Techniques for Nymphs. Well…go deep and work your way up. I work water like a steelheader. I pick my run, or my pool, or my line, and I start breaking it apart one cast at a time; covering every inch of it. Every INCH! Get after it. They are in there somewhere. I look for that slow to walking speed water, a good place to just hang out and chill. The trout have basically been doing the equivalent of “Netflix and Chill” all winter long. Just like me. So look for water that would represent a chill day on the couch for a trout. Ya…throw your nymphs through there. I start deep…clears out all the whitefish, and then I work my way up if I don’t hook up after dredging the bottom. I’m methodical with my nymph game. I will work a piece of water at 8 feet, 5 feet, 3 feet of depth, and work each 6-8 inch lane from top to bottom. Sometimes I just pick one piece of water and only work it for the day. Those trout can only be in a few places in the river, so find the best “trout couches” and interrupt their Netflix session with a hook in the mouth.
Streamers! I use them a lot more now. I like a nice 4-7 ips 10ft. sink tip and a piece of meat. I don’t throw little streamers very often. Maybe a size 6 Bugger or something, but everything else is Kelly Galloup ridiculous big. Mmmm, big fish eat big “little” fish. I target the water the same way as nymphing, just swing and strip style.
Early Season Bow
I don’t use a boat very often during the early season. It’s a lot of work when you only have about 4 good hours to fish. Besides, walk and wading all bundled up and in 36-45 degree water shaves fat in preparation for the coming guide season. It also gives me the chance to get back in touch with the river after the long winter away. I may only fish a handful of times during the actual winter if at all. Once the early season arrives its time to get back into trout mode and being able to set foot in the river a few times a week or every day of the week is how I reconnect.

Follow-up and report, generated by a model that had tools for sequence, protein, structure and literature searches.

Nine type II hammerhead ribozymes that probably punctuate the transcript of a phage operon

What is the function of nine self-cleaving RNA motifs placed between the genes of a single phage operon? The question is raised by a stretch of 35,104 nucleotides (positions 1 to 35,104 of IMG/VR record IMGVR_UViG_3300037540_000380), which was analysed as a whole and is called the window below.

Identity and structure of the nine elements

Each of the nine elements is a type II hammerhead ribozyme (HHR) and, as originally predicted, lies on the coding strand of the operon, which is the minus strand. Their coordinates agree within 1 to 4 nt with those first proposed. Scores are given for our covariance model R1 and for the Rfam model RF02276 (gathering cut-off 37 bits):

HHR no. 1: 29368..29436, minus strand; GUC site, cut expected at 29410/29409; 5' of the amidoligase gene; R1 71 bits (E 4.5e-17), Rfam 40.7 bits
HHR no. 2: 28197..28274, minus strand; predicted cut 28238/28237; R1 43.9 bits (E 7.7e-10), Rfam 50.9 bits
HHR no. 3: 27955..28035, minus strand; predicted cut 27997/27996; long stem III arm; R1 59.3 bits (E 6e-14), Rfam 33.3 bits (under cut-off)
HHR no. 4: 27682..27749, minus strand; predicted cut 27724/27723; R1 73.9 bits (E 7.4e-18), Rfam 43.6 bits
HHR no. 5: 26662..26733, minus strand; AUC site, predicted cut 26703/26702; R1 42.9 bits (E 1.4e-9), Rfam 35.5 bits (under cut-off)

Being able to stand against the current, casting in the snow, my breath clouding in front of me. My beard and mustache crisp with frost. The distinctive sound of a bald eagle’s chirp as it sits halfway up the barren cotton wood, head cocked to one side. That “shink” sound that the line makes as it travels through an iced over guide…an indicator bobs along slowly…it dips gently…tension…head shake…the pulse of a well wintered wild trout against the rod…oh ya…that’s what I need after a long winter.
So there’s some early season trout chasing pointers from this trout guide. Over the next three weeks the Yakima River will start to wake up along with other western rivers. These techniques should help you have more successful days. Of course, if you have any questions just ask. And I’ll do a business plug here:
I’m taking early season reservations now. Skwalla Spring Special: $275.00 for 1 or 2 anglers. 5+ hours of fishing, hot soup, and some trout chasing with my beardy face.
Get out there and chase some trout. I hope to see ya riverside this season.